Japan sidestepped a recession after its economy grew in the first quarter, , preliminary data showed Wednesday, but efforts to cement recovery in the world's number three economy were gaining little traction.
Gross domestic product expanded by 0.4 percent between January and March -- or 1.7 percent at an annualised rate -- after a contraction in the last three months of 2015.
A consumer spending rebound helped drive the better than expected figures, but the leap year added another day of production -- and spending -- to the economy's performance.
The fresh data will do little to buoy hopes for Prime Minister Shinzo Abe's faltering growth blitz.
His bid to revive Japan's once-soaring economy, dubbed Abenomics, was shaken by a bloodbath on equity markets at the start of the year and a resurgent yen which has taken a bite out of Japan Inc's profits.
Local media have suggested Abe will delay plans to raise Japan's consumption tax over concerns it could damage the already fragile economy.
But the premier on Wednesday insisted his growth plan was making headway, and that no final decision has been made on the levy increase.
"I will make the appropriate decision at an appropriate time," he told reporters.
A consumption tax rise in 2014 -- seen as key to helping pay down Japan's enormous national debt -- was blamed for ushering in a brief recession.
This week the government approved a 778 billion yen ($7.1 billion) extra budget in response to April's deadly earthquakes, which prompted factory shutdowns in southern Japan.
"But even if the government delays the tax hike, it still needs to set a course for getting public finances on a sound footing, which is not an easy job," said Yoko Takeda, chief economist at Mitsubishi Research Institute.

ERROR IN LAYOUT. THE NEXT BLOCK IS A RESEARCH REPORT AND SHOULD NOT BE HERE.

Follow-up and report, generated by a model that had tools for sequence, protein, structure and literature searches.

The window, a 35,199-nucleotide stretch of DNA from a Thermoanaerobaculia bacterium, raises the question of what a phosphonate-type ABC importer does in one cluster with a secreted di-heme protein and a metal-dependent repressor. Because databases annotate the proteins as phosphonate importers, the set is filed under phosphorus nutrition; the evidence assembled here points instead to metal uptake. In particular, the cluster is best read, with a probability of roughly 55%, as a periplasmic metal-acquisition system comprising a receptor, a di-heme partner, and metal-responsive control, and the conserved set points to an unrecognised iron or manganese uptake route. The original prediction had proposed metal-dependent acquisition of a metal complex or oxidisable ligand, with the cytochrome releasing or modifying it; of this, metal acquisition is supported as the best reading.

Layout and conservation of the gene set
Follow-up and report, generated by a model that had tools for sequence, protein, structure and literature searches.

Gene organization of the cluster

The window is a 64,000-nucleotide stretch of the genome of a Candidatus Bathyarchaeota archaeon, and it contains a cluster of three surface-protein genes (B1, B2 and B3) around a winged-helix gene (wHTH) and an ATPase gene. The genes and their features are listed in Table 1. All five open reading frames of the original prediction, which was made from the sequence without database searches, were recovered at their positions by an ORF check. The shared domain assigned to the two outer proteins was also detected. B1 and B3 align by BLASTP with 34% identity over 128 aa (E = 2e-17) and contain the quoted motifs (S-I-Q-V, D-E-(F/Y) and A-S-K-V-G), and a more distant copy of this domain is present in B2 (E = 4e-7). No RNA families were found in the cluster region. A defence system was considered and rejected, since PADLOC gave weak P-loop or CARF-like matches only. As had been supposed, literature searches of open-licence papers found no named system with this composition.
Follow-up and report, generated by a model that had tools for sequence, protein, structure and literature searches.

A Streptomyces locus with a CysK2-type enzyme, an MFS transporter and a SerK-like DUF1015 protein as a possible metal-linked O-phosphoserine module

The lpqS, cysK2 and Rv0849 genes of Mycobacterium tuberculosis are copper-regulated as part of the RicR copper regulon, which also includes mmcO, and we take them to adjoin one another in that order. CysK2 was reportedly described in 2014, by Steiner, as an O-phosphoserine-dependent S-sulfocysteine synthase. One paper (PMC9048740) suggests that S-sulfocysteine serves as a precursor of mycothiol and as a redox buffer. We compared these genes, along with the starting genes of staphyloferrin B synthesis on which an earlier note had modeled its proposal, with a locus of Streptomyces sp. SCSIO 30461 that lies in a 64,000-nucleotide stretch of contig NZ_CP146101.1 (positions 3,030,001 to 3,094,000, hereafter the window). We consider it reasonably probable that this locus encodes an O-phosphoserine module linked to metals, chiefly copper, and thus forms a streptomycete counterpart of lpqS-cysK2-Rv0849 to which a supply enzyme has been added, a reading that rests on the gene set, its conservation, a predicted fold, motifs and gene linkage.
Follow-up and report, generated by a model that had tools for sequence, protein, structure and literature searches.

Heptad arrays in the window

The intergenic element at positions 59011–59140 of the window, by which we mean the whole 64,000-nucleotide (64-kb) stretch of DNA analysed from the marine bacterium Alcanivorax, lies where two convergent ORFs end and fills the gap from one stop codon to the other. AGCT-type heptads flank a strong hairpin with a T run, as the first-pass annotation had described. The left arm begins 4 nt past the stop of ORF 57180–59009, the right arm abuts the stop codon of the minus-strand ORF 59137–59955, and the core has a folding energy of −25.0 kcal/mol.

"The economy is in a tough situation with the strong yen hurting corporate earnings, stalled wages and a lack of confidence among consumers. There are going to be some tough times ahead."
- Growth challenge -
Wednesday's figures came days before Japan hosts a meeting of the Group of Seven finance chiefs, followed by a summit of their leaders next week.
The finance group -- including US Treasury Secretary Jack Lew and European Central Bank President Mario Draghi -- converge at a hot springs town north of Tokyo, where two days of meetings kick off on Friday.
Topping the agenda will be how the group of rich nations can help kickstart global growth, as the host struggles to light a fire under its own economy.
Abe's growth plan -- big government spending, central bank monetary easing and reforms to the highly regulated economy -- initially appeared to bear fruit after he came to power in late 2012 elections.
The yen weakened sharply, which boosted Japanese exporters' profits and sparked a huge stock market rally.
But sustained growth has been elusive and Abe's efforts to overhaul the economy have been widely criticised as half-hearted.
Key to the plan is a massive monetary easing campaign from the Bank of Japan aimed at dragging Japan out of years of deflation -- a spiral of falling prices that held back growth.
In January the central bank shocked markets with a negative interest rate policy designed to boost lending to people and businesses. But the move was widely criticised as a desperate bid to prop up Tokyo's faltering economic plan.
The uptick in demand for durable goods such as cars and household appliances is good news, but the GDP figures suggest the BoJ's rate policy was having little impact on the economy, said Shotaro Kugo, an economist at Daiwa Institute of Research.
"We don't really see the policy working, as both private residential and non-residential investment (capital spending) shrank during that time," he told AFP.
In April a closely watched BoJ survey showed sentiment among Japan's biggest manufacturers dropped to its lowest level since Abe started his much-vaunted programme to boost growth.
The International Monetary Fund last month cut its growth forecast for Japan, and warned that inflation would sink into negative territory this year.